We are a superstitious lot, we sports fans. If sitting facing east works on the day the Jets finally beat the Patriots in the playoffs, we better sit that way against the Steelers. Your Trail Blazers come from 20 down to beat the Lakers, better wear the same socks for when Kobe and crew come to the Rose Garden next time. After all, what usually makes the fans fanatics are those little peccadilloes that we never think make the difference in winning and losing...but why tempt fate right? Sports as we know is a game of repetition as a means to success, and all those tried and truisms for success on the court or the ice or the pitch have to be factually correct don't they? "Respect the streak," "Keep doing what you are doing," "Act, don't think too much," are very much the reasons why athletes are successful, and why we as fans follow and believe so passionately in our guys or girls or our teams or clubs.
But what if all those superstitions, all those repetitive hours, all those truisms (or at least most) that we built up in sport were not exactly true. What if the hottest hitter or the best shooter didn't stand any better of a chance as to get on first the next time up, or of making the next shot, than he did before. Would it make games less fun, would we regale in the streak any less, or would we still marvel at the hottest of hitters or best of goal scorers? What if...
Many of those facts that lead to legend are explored in Scorecasting: The Hidden Influences Behind How Sports Are Played And Games Are Won, by Tobias J. Moskowitz and L. Jon Wertheim, two childhood friends who probably spent way too much time staring at box scores and watching losing streaks end or continue, but probably not too much more time than most young Americans who love the games we play. These guys just took the time to ask the questions as to why...and found some interesting answers. Truth be told, Wertheim, a Penn grad and senior writer for Sports Illustrated, is one of a generation of solid story tellers. In addition for all his work for SI, he has penned very entertaining works on topics ranging from tennis to Mixed Martial Arts and pool hustling, each time taking us inside a world of athletes we rarely knew that well. Moskowitz on the other hand provides the empirical view of the passionate sports fan from his background as a behavior economist at The University of Chicago.
Together the two look at everything from hitting and shooting streaks to why officials make or don't make calls in particular games, and try to explode or at least explore, most every "myth" the fan associates with sport. Ice the kicker? No need. Home field advantage? Not as important from a physical standpoint as from a psychological one. Get the ball to the hot shooter? His shots get more risky with each one he or she makes. Defense wins? Well...yes, the authors prove that one does indeed hold water. But not as much water as one would think. If you are an official, be prepared for some of the harshest of news...no matter how hard you try, the calls or lack of calls, always seem to be slanted to the situation, and even the best of refs or umps in any sport can be effected more by the circumstances around them, or what is supposed to happen, than they ever could care to admit.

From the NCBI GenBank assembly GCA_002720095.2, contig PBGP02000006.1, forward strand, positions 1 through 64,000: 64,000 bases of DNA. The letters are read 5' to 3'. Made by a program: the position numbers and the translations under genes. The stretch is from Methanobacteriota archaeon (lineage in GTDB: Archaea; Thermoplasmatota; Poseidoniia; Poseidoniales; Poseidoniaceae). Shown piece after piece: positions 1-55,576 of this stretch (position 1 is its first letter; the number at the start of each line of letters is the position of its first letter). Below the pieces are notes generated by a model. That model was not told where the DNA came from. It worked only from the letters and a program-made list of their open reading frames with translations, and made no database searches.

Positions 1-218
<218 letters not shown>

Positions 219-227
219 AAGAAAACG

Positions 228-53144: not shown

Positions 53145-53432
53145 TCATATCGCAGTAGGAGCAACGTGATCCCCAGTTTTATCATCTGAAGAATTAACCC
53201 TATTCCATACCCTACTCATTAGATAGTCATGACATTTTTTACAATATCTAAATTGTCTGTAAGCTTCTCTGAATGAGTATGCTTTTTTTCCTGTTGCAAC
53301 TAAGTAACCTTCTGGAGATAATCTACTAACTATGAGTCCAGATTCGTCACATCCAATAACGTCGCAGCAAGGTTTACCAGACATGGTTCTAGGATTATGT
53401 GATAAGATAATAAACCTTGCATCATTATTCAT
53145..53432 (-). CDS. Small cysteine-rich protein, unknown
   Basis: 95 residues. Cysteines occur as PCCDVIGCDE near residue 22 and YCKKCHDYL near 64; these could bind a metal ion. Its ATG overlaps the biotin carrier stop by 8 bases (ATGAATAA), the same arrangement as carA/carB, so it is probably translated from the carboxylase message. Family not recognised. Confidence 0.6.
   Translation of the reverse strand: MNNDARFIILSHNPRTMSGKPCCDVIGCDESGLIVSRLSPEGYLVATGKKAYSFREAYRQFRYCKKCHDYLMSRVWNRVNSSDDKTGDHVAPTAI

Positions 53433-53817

So in the end what does Scorecasting do for those in the stands who love watching the games? Does it make us throw up our hands and shout at the moon or drive us off to watch more interminable hours of reality shows or American Idol? Do we thumb our noses at the research and stay with what we think or know to be true in our hearts as opposed to our heads? Does it make us any less passionate about the games we watch and those who play them? Hopefully not.
Stephen Dubner's work Freakonomics or Malcolm Gladwell's Blink didn't make people change all their beliefs or diffuse their passions, they provided pause for thought as to why things are, just like any good research work should. They give the reader a chance to answer a question about why things are why they are, should they choose to ask the question. Also like Scorecasting, they provide good conversation, whether it is at a barstool or in a lecture hall.
Whether all this debunking is needed by the average fan is probably open for debate. Many times the superstitions of fans are as much about NOT knowing the facts than they are about consuming every piece of data. That unknown is really what makes sports fun. Then there is also the great unknown of the human factor...the belief that no matter what the odds say, that DiMaggio can hit in number 52, or maybe Kobe can someday get his 100 and join Wilt in the stratosphere. That's really why we spend the money and go to the games, and what sets the live event at any price apart from other forms of entertainment. You never know.
In the end, Scorecasting is a good read, one that provokes debate and answers some questions, whether you believe the conclusions or not. It is not heavy handed in its thought and pokes fun at just enough personalities to make it more a narrative than a text book.
Who knows? A Knicks fan may read it moments before the orange and blue clinch a playoff spot. Then the superstition would be to keep reading it every year or every series, until that myth is debunked. Or maybe, just maybe, someone puts the book on a Cubs fans required reading for 2011, and the myth of the Bartman ball and other issues that have plagued Wrigley for over 100 years go by the boards. It would certainly take Scorecasting to mythic proportions, if only for the superstition. Logical? No. Fun to feed the passion of the fanatical. Definitely. That after all, is why we root, right? Not for the facts of what are, but for the myths of what can be.